JC: Yes. When the show first started, we'd originally start with just CG characters and then we'd do a 2D blend technique in After Effects to blend in the creature effects. As the season went on, our ZBrush artist got faster and more efficient — and our pipeline's very, very fast — and he was able to start sculpting the actors from photographs taken on the set for tracking points. Now the character's being sculpted in full 3D as a human actor, with the texture maps applied, and then the sculpture of the creature is on top of that. So now, a lot of times we'll go for full CG heads from top to bottom. It can then start out as a CG human and go out to the creature and back and not have to go back to a practical plate anymore. This has really accelerated the animator's workflow. With the old technique, when you'd rehash something through the pipeline you had to also redo all that morphing because the surface dimensions have changed. Now it's just a CG issue only. We're also doing more passes per shot into this second season.
How do you handle all that and back everything up?
JC: We have four primary file servers on our system, and each one of those has triplicates elsewhere. Then we have two online archive servers, so all our data is in five places at once. We also have about 200-plus TB on our network currently. We have about 38 quad-core Xeons on our render farm and about 140 processors dedicated just to hair and face rendering for Grimm. We build all of our workstations custom. The compositors use Macs, but all the CG is done on custom 12-core PCs with 24 to 48 GB of RAM. We use NVIDIA's Quadro 4000 cards and everyone has a 30-inch monitor.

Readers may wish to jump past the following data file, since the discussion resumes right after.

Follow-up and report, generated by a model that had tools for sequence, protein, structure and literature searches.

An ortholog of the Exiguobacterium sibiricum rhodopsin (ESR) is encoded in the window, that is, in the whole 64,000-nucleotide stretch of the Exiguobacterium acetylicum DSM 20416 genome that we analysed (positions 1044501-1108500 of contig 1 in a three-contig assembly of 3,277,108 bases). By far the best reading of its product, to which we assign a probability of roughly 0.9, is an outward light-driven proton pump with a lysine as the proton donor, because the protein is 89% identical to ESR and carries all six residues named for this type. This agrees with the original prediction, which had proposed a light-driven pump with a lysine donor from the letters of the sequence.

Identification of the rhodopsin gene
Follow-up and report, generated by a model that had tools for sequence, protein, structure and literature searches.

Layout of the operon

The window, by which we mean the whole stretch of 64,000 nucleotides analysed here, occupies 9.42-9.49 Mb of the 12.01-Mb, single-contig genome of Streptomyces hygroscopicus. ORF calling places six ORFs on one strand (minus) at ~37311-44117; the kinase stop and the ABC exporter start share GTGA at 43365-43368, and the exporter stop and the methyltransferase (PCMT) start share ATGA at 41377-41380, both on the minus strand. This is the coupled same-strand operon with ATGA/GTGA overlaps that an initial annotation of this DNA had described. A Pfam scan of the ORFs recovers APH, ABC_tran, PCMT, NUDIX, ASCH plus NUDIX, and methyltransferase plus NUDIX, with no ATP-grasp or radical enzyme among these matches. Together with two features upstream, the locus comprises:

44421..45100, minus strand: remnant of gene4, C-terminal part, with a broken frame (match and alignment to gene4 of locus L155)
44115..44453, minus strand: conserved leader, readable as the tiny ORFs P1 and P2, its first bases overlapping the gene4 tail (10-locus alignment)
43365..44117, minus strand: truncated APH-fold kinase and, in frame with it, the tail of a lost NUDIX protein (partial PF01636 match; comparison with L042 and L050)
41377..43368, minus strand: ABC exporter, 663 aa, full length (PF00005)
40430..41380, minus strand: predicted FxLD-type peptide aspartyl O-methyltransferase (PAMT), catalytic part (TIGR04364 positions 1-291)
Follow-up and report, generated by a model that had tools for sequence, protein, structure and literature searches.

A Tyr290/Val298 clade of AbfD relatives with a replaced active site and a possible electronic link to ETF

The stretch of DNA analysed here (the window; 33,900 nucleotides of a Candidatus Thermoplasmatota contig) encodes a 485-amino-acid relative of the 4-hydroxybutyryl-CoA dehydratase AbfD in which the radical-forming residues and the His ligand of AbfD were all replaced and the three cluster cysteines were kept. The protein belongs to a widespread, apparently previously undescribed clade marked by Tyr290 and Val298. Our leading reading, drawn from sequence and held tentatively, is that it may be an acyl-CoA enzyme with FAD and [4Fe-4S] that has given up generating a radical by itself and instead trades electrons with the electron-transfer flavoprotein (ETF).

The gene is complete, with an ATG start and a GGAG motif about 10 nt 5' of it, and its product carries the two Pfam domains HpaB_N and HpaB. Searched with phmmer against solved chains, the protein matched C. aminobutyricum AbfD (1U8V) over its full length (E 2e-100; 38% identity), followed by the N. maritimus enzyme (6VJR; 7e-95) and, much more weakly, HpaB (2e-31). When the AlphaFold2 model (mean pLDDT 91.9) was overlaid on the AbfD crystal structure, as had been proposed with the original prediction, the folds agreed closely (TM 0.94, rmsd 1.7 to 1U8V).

What are some of the creatures or shots you are most proud of in Grimm?
GC: I think the one where we really had a lot of creative juice flowing was the dragon episode [Season 1, Episode 14, above], where part of the dragon's face becomes burned off and singed. We had some really gorgeous concept art and we just had a great discussion with the producers, who told us what would make this character really cool.
JC: In Season 1, Episode 6, there are some other examples of the kinds of things we do. We did some CG frogs and butterflies. And we did a full grizzly bear in episode one.
Which was the most difficult to pull off?
JC: The most difficult thing we've done to date was probably in Season 2, Episode 2, with the captain. It took a team of artists and energy because it involved a mirror. All the CG and all the movement had to be precisely tracked in both the mirror and on his face in every shot.
GC: Yeah, the sequence of the shots was much more tight than we were accustomed to.
JC: And they were long shots, too. The color integration was pretty challenging.
GC: We wanted to make them look really awesome. We had animated morph targets, fully animated texture maps and 3D bubbles against the skin throughout the whole scene. We were pretty proud of that.
Grimm resumes Friday, March 8, at 9 p.m. ET on NBC.